Egg-Eater Blues

by Daisy on 05/15/2014

Thank you for visiting Little House in the Suburbs. If you like what you see, please SUBSCRIBE.

About a week or two ago, the daily egg count began to take a dive.

I might collect five or six eggs one day, next to none the next day. A couple of days I literally collected no eggs.

Some days several, some days one or two. I found a couple of half eaten eggs and some scattered shells here and there.

It all pointed to one thing: we had an egg-eating chicken. Maybe more than one.

So I started hanging out in the coop, you know, catching up on the latest gossip, scooping the latest poop. It’s been raining a lot, too, so I even got stranded in the coop during a downpour and decided to stay and watch the chicken dynamics.

My observations all pointed to one thing, rather, one chicken: Barney

IMG_2292

Barney is a Barnevelder we hatched from an egg. She is a beautiful bird, the only one of her breed in our flock. Like most “onlys” in my experience, she’s a bit of an outsider, but usually seemed to get along pretty well with the others.

I don’t know how she discovered she could eat eggs, but it probably started with an accidental broken egg. And since that was DELICIOUS, she started making them crack deliberately, pushing them around, making them crack into each other, knocking them out of the nest box onto the floor, etc. Smart, yes. Too smart? Yes, too smart for my liking.

My first response was to stand in the coop on and off all one day to keep her out of the coop once she’d laid her egg and I’d collected it. Every time another hen would go in to lay an egg, she’d fuss all around her, waiting impatiently to get the egg, even getting into the nest box WITH the laying hen, practically sitting on her.

So I started running her out, over and over. I’d toss her out into the run. She’d pretend to walk around scratching for a couple of minutes, then sneak back up the ladder to the coop. I’d hide while she poked her head in, then when she thought the coast was clear, I’d pop out and shoo her back down the ladder.

Before you suggest I get a hobby, let me remind you this IS my hobby. I am a hobbyist chicken pesterer.

My second response, because pestering chickens, wouldn’t you know it, gets old after a while, was to put together a separate enclosure within the chicken run made out of chicken-wire panels I already had on hand. I put Barney in there with her own food and water and went into the house.  My house, not the chicken house, for a change of pace.

When I went out a few minutes later she was back in with the general population, eyeballing me suspiciously, but with a glint of self-satisfaction in her eye.  She’d flown over the top, apparently.

Today, after spending too much time monitoring the nest boxes, and STILL catching her literally with shell on her beak as soon as I let my guard down, I am now on my third response.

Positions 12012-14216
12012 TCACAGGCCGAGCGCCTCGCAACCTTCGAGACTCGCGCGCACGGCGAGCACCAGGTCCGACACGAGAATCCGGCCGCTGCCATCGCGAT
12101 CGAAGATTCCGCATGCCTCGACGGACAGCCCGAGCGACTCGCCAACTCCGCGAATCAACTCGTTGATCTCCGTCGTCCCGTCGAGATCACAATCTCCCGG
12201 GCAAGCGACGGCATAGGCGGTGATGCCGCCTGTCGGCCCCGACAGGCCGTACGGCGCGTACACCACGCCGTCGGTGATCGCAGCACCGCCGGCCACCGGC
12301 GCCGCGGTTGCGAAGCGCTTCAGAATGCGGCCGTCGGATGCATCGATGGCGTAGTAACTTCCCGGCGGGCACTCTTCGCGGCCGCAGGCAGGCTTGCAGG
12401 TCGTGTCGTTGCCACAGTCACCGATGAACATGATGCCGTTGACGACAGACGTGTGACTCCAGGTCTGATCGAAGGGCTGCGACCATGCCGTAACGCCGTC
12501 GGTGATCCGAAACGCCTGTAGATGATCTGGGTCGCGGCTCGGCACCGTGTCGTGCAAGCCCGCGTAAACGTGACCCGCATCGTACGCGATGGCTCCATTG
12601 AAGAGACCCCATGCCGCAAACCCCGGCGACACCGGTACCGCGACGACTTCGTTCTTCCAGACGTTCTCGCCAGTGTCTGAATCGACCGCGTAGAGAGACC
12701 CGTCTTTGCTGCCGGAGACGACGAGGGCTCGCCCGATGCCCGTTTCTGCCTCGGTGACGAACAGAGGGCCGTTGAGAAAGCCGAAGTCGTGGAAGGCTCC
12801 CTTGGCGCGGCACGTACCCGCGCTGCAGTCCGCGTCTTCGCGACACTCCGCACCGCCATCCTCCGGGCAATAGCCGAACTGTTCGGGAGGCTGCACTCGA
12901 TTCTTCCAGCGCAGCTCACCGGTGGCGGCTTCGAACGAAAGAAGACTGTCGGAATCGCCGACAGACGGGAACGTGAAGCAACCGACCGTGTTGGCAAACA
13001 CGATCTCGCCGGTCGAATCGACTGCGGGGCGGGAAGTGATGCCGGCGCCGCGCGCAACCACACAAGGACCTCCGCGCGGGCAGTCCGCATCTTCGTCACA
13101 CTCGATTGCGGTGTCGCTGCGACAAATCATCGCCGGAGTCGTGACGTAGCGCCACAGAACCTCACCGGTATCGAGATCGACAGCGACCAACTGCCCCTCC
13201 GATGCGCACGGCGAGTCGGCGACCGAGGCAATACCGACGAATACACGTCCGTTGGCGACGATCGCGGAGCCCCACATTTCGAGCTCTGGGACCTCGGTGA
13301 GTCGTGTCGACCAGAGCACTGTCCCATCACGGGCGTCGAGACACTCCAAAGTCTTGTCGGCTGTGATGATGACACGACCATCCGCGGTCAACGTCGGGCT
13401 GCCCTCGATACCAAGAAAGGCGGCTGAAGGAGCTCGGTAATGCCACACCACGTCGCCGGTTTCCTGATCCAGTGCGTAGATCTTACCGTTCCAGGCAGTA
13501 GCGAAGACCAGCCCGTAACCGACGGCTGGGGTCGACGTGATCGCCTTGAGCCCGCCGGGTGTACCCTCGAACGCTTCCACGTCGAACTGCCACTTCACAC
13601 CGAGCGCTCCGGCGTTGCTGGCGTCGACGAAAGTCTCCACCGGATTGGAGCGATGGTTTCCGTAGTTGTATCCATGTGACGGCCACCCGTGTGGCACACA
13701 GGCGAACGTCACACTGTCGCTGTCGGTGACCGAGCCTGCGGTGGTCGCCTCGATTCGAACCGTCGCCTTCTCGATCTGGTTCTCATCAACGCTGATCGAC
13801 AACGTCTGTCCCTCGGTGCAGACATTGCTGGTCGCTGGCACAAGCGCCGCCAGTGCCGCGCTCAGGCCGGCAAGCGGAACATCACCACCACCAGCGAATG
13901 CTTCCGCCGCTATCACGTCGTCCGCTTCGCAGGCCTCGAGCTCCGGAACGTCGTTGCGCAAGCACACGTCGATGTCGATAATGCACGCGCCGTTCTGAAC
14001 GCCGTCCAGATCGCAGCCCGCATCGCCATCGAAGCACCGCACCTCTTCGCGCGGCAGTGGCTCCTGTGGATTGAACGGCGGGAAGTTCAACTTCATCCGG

Chicken Time Out.

IMG_2291

It may be humiliating, but she has water, feed, snacks, and proximity to the other hens. I can move her jail around to fresh ground like a chicken tractor and I’ll put her back in after the others finish laying, but for now we’re trying this.

It’s better than the soup pot.



{ 10 comments… read them below or add one }

Heidi Tijssen May 16, 2014 at 4:11 am

I hope our coming Barnevelders will be easier to live with… One of our three hens got broody and I put 10 Barnevelder eggs under her. Hopefully next week we will have chickens. And which breed they are, always they will be Barnevelders, because we live in Barneveld. And if you ever will visit the area, don’t forget the local chicken museum!

Daisy May 16, 2014 at 4:26 am

Heidi Tijssen–Oh my goodness! Real Barnevelders! Barney will be very impressed that I heard from you. She is a good girl, she just has a little problem, and apparently a big appetite. May you have a very successful hatch.
I would never miss the chicken museum!

Jenni May 16, 2014 at 1:25 pm

Please don’t put her in the pot – she’s far too smart!! (and beautiful)

Amber Pixie May 16, 2014 at 1:35 pm

I’ve successfully “broken” an egg-eater by putting golf balls or wooden eggs painted white into nests…once they peck those enough, they get the idea…*grin*

Best of luck!

Daisy May 16, 2014 at 6:41 pm

Amber Pixie–We do have 4 fake eggs that I put in there once this started. I hope it will help with the issue. I guess I need a whole pile of them so they get tired of testing to see which is the real egg. Thanks!

Daisy May 16, 2014 at 6:41 pm

Jenni–She’s safe. In the doghouse, but not in mortal peril.

Penny May 17, 2014 at 7:09 am

Sometimes the particular hen requires more protein in her diet. My chicken friends told me to put a handful of dry cat food in for the offending hen. Also be certain she has enough crushed oyster shell so she makes good strong egg shells.

Barbara May 17, 2014 at 7:51 am

You could go out after the hens are on the roost one evening and trim about 2 inches of the tips off her wing on one side. She can’t get elevation that way and won’t be able to fly. I’ve done this with my hens for years.

Angela Bergeron May 17, 2014 at 8:50 am

I’m just saying if she’s eating even her own eggs she’s kind of outliving her own purpose. I wouldn’t judge you for making soup… I’m not very experienced with chickens, but I hear that they learn quickly from each other, so I would happily put her in the stock pot to keep Tue others from learning from her if you can’t break it. Once again another article.

Olivia May 18, 2014 at 5:19 pm

My granny told me that once an egg eater, always an egg eater. However, the wooden egg thing sounds like it might work.
Chicken and dumplings will cure her and makes a great Sunday dinner

Leave a Comment

Previous post:

Next post: